Commute time between Maitland and Newcastle via rail would double if the state government agrees with the Newcastle Renewal Taskforce recommendation that the line should be cut at Broadmeadow, rail user Kim Cross said.
Ms Cross, the Maitland Save Our Rail president, said travelling on the heavy rail line between Maitland and Broadmeadow and then moving onto light rail for the remainder of the journey into Newcastle CBD would disadvantage commuters and discourage them from using public transport.
“Studies that were done when Broadmeadow was being mooted as the place to terminate the rail line in 2005 showed there would be a 60 per cent loss of patronage if a person’s travel time was lengthened,” Ms Cross said.
“When this happens people who have the luxury of having a car will use it to travel to Newcastle CBD and that will only increase traffic congestion on our roads.”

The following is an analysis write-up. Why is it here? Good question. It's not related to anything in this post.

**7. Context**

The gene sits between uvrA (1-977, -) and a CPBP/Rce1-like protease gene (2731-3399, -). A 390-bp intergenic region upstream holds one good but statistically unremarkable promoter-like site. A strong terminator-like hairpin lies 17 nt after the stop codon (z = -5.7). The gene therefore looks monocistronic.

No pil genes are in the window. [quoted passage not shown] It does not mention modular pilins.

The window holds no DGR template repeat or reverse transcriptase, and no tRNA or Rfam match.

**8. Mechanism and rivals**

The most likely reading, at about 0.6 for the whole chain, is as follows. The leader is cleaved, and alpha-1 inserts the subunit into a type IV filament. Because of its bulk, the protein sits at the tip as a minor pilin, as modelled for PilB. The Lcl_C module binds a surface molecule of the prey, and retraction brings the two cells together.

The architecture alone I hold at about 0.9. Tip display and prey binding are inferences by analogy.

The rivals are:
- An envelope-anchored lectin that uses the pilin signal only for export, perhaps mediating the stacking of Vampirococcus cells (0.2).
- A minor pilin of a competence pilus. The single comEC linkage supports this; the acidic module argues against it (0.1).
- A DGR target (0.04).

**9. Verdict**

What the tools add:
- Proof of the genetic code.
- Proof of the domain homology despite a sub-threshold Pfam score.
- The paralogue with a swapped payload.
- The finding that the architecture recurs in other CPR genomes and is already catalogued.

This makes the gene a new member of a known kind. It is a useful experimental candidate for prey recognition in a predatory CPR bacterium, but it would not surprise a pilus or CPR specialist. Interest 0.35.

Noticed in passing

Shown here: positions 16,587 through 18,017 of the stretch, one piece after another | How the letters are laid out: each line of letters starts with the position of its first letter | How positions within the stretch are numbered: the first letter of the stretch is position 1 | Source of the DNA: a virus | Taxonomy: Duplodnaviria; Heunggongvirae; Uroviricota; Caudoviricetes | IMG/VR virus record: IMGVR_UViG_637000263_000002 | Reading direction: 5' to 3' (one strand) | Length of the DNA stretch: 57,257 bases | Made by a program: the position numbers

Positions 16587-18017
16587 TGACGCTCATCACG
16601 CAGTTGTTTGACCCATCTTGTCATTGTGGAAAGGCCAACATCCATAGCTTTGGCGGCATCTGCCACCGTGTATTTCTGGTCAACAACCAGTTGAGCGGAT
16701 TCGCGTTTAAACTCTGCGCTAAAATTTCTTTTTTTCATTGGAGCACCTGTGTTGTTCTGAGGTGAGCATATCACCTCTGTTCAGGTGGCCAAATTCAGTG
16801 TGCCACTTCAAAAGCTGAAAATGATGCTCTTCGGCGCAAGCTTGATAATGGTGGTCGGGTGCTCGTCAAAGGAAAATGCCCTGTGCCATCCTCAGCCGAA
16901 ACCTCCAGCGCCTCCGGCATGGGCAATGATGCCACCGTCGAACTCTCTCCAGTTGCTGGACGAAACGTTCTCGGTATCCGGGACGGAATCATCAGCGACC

Ms Cross said commuters with wheelchairs and prams would struggle to transfer onto light rail and she was not sure how light rail through the streets of Newcastle, including Hunter Street, would work.
She said the taskforce suggestions lacked detail about how commuters with wheelchairs and prams would access light rail.
“We have always said that cutting the rail line is extremely complex and many factors need to be taken into account,” Ms Cross said.
She was also sceptical that the rail corridor in Newcastle CBD would be preserved after the line was cut.
Ms Cross said it appeared that the decision to cut the rail line was political and was concerned that the community was not being given an equal say.